Mastrangelo: Because “legacy” seems like your time has passed. An iconic brand is a brand that has been able to stay current and relevant. And I think that this brand is an iconic brand because it has stayed true to its core value for over 44 years. It hasn’t wavered from that commitment. Fads and trends have come and gone, but our core value proposition to our reader has not changed. With that being said, we have our print property. Print property is really great investigative journalism, feature writing, great photography, great record reviews. Circulation is at an all-time high; audience is at an all-time high.
NUVO:And that has come under you —
Mastrangelo: Well, that has come under the editor, from a circulation standpoint. We have had to give away some of the things that would be in the magazine to our digital property, because they can do it better. Things that are happening right now in music and entertainment — like when Cee Lo Green changed the lyrics to John [Lennon’s] song at the New Year’s celebration. If that had run in the magazine, it would have been too old.
NUVO: Where did you think you would be when you were starting out, graduating from college?
Mastrangelo: Well here’s a funny story (laughs). I went to school at a small little school in West Virginia, Bethany College. I was the music director at the [radio] station, I was a station manager, I was a huge music fan. Then I had my internship at MCA Records doing local promo, so I did promotion for them. Then, I was in the ad business, so I worked at BBDO.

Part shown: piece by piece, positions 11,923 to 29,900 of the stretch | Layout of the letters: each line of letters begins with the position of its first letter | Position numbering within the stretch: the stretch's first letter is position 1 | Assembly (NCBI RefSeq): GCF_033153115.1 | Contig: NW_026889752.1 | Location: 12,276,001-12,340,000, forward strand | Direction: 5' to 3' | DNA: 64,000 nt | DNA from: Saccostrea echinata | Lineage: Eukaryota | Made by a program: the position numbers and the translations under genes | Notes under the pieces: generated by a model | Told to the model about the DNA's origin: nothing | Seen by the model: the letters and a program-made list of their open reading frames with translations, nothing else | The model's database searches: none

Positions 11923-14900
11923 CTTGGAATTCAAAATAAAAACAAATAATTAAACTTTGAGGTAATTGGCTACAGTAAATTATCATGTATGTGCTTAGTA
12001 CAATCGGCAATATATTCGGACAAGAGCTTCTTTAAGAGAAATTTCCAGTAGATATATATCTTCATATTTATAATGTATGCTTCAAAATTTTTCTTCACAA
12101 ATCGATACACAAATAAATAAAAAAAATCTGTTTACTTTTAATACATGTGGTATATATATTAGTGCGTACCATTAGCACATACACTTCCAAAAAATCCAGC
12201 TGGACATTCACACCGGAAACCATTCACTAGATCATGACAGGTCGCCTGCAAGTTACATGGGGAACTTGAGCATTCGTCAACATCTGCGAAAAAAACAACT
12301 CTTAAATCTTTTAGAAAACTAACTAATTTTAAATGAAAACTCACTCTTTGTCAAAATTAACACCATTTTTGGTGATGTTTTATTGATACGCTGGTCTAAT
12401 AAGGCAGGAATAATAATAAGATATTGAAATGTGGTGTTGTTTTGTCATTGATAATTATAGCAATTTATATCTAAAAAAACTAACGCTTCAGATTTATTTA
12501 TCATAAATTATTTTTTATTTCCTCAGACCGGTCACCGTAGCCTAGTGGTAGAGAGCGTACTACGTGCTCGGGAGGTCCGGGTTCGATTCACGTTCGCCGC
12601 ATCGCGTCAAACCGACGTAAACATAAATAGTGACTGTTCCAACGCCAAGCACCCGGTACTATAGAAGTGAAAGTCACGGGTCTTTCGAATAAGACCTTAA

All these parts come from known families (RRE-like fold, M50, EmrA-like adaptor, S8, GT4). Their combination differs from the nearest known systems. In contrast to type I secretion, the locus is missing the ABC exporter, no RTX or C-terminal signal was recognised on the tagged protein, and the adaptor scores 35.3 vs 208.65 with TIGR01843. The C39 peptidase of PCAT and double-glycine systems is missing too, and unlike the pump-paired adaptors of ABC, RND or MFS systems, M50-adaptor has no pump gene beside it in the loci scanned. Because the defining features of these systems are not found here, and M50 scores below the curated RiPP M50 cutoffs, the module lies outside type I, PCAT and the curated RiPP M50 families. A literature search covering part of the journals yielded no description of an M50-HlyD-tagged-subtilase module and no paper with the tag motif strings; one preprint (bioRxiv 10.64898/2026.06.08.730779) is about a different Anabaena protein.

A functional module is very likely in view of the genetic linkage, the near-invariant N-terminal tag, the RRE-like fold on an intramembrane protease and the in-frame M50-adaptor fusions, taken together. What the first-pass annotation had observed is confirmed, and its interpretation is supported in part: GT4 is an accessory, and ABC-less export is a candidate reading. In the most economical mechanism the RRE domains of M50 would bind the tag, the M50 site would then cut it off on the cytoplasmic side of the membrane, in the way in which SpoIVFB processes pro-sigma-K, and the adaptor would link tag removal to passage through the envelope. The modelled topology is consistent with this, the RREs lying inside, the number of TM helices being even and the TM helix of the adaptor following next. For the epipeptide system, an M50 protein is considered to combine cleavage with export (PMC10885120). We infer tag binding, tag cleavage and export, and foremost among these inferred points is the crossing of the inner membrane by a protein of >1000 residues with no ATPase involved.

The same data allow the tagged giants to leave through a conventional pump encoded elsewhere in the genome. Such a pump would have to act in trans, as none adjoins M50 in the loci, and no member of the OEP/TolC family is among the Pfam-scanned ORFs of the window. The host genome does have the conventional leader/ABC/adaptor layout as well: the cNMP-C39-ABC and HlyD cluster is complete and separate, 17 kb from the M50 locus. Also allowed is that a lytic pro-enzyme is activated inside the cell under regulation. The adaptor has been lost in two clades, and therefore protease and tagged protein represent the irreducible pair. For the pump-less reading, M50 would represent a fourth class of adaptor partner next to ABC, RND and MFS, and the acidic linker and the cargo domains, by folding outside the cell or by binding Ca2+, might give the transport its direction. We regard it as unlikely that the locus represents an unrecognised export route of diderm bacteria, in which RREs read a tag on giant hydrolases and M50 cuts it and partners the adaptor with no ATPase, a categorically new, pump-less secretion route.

I interviewed at Rolling Stone for a direct response sales job and I didn’t get the job. When the publisher told me that I didn’t get the job, I said to myself, “I will have your job someday.” I was so pissed and I knew that at some point in my career I would get back into the Rolling Stone offices. I have been with the magazine now for 10 years and I started off as the advertising director. I have done a number of jobs within our company and started a couple of divisions. I was a publisher at Men’s Journal for a while and then took over Rolling Stone.
So, when I think about back in college or what I thought I was going to do, I think I’m doing what I always had a passion to do. I am just incredibly grateful.
NUVO: It’s a discouraging time to be studying journalism and English [literature] in college, so what advice would you give people that want to be doing what you’re doing?
Mastrangelo: I have always said to [interns] that the key thing is about forgetting your first job, because your first job gets you your next job, and your next job gets you your next job. When I first got out of school, I took any job that I could get. My mentality was that the only way I am going to get the job I want is to have the job that I don’t really want. This generation right now has gone through so much —wars, recession, and practical depression. The strains and the struggles that they’ve gone through is setting up for a generation that has the potential of being hugely successful, because they have to work really hard.ν